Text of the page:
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Dodge City Daily Globe - Dodge City, KS
  • Dr. Elaine Heffner: Theories of success

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  • There is so much written about children and success: How to raise children successfully, or how to raise children to be a success. However we define it, is the success of our children due to what we do as parents?
    Amy Chua, who created a stir several years ago with her Chinese Tiger Mom thesis, has written a book with her husband, Jed Rubenfeld, in which they address aspects of these questions. Their theory, based on research, is that three traits explain the rise and fall of cultural groups in America. The definition of success they use is clearly academic and material success. The idea is that academic success leads to material success.
    The three traits these authors pinpoint is a superiority complex, impulse control and a deep sense of inferiority. The importance of impulse control is something we have heard a great deal about, for good reason. Being able to control one’s impulses is central to achieving whatever one’s goals are in life. It means being able to give up immediate pleasure in the service of a larger objective.
    The other two traits seem contradictory. How can a superiority complex and deep feelings of inferiority coexist? The authors are describing specific cultural groups in relation to their status as first-generation immigrants in this country. Most immigrant groups have initially experienced feelings of inferiority and of being looked down upon. The particular successful groups being discussed, however, also have a strong sense of being exceptional. This strong feeling of being exceptional leads to feelings of superiority.
    The feeling of being inferior can lead to a need to prove oneself, while a belief in being special can provide the drive to do so. The theory discussed suggests that combining these two traits requires impulse control if it is to lead to success. Feeling inferior provides a motivation to excel and prove others wrong. The belief that one is part of an exceptional group can provide the confidence needed to carry out one’s ambitions. But confidence and drive are not enough without having the ability to give up immediate pleasures for long-term goals.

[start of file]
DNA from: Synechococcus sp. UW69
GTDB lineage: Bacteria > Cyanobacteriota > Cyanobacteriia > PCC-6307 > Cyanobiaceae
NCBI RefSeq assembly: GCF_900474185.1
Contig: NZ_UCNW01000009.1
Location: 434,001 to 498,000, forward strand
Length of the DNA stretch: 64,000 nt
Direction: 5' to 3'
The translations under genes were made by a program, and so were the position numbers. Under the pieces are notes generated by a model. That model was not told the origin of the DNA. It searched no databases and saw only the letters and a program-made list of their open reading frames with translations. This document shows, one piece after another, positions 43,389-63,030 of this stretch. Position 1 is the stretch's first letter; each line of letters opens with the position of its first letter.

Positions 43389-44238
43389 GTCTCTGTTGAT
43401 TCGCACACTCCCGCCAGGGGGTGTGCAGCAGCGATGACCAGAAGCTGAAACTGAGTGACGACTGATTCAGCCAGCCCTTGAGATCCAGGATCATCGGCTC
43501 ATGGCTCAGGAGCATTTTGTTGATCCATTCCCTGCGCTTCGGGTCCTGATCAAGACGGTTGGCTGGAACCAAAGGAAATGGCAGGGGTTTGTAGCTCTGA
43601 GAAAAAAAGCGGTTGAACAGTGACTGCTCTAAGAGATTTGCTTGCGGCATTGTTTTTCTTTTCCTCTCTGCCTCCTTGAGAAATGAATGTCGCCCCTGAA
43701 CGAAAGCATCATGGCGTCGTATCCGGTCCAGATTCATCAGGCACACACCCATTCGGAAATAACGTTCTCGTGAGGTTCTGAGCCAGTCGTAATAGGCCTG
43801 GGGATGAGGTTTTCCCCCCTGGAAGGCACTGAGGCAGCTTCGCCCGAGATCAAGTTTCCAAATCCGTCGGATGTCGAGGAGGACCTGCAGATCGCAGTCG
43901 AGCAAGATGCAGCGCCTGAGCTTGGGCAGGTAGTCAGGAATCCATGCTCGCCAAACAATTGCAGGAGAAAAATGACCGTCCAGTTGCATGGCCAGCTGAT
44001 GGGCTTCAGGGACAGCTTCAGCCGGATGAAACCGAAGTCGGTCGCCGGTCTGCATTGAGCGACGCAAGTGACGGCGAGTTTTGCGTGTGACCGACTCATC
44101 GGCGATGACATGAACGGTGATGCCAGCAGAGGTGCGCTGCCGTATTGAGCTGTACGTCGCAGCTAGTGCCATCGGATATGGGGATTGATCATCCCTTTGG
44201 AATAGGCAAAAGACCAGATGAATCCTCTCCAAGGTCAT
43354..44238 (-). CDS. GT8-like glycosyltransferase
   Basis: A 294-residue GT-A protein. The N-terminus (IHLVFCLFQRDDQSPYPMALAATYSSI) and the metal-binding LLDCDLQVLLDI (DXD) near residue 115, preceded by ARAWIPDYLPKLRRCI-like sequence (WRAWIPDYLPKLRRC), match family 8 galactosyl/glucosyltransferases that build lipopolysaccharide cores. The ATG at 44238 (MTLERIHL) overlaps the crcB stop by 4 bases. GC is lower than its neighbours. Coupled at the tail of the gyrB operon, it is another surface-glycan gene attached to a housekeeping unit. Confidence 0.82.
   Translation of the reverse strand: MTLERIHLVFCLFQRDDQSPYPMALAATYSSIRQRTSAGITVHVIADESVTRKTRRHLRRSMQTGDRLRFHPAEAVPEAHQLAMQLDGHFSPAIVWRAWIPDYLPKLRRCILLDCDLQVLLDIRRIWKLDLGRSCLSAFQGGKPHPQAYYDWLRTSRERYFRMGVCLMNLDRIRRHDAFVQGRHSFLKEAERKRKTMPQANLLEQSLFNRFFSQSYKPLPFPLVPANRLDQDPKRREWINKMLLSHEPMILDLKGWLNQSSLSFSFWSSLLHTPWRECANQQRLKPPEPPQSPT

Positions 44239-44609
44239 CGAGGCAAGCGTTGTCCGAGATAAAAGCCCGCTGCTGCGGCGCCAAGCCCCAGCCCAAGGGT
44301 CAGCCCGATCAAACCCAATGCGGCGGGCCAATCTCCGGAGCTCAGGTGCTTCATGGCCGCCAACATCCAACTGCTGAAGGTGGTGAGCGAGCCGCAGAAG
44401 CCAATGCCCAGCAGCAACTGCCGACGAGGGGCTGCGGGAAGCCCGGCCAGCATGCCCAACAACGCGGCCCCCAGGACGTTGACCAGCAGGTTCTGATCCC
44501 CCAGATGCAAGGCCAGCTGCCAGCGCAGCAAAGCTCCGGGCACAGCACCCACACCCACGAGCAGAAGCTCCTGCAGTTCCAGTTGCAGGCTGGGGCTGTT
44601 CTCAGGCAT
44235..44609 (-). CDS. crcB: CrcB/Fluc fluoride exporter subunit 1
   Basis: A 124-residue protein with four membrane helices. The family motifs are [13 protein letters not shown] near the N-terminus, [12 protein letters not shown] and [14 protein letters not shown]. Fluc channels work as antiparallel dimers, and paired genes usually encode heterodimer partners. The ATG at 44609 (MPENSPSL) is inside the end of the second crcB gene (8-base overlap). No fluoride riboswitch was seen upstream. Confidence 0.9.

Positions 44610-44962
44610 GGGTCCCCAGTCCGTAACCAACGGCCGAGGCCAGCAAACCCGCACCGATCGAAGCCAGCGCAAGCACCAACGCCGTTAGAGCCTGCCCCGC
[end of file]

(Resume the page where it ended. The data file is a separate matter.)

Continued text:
The authors contend that their findings apply in particular to first generation groups who have something to prove. A comparison is made to our own story as a country: the pioneers who settled and developed America had something to prove and earlier generations were raised with strong behavioral controls combined with a belief in hard work. American ideals and experience gave rise to a belief in American exceptionalism.
    It is certainly true that cultural values in this country have changed considerably. Various media promote the pleasure principle and the belief in exceptionalism has become a kind of grandiosity in relation to other countries. The culture as a whole has come to value happiness and self-gratification over older values. In child-rearing, parents are often concerned about making children happy and avoiding frustration which sometimes interferes with setting goals and working hard to achieve them.
    Page 2 of 2 - Often, an attempt to correct a problem leads to an over-correction in the opposite direction. Possibly in our attempt to modify some of the controlled behavior and self-denial of earlier generations we have moved too far from self-control and are less able to apply ourselves to achieving our goals. On the other hand, the groups that excelled in the way described by the authors, have in turn paid a price for their achievements, as did our own forefathers and mothers.
    The challenge that remains for us is whether it is possible to restore some of our earlier values without its earlier liabilities.
    Elaine Heffner, LCSW, Ed.D., has written for Parents Magazine, Fox.com, Redbook, Disney online and PBS Parents, as well as other publications. She has appeared on PBS, ABC, Fox TV and other networks. Dr. Heffner is the author of “Goodenoughmothering: the Best of the Blog,” as well as “Mothering: the Emotional Experience of Motherhood after Freud and Feminism.” She is a psychotherapist and parent educator in private practice, as well as a senior lecturer of education in psychiatry at Weill Cornell Medical College. Dr. Heffner was a co-founder and served as director of the Nursery School Treatment Center at Payne Whitney Clinic, New York Hospital. And she blogs at www.goodenoughmothering.com.
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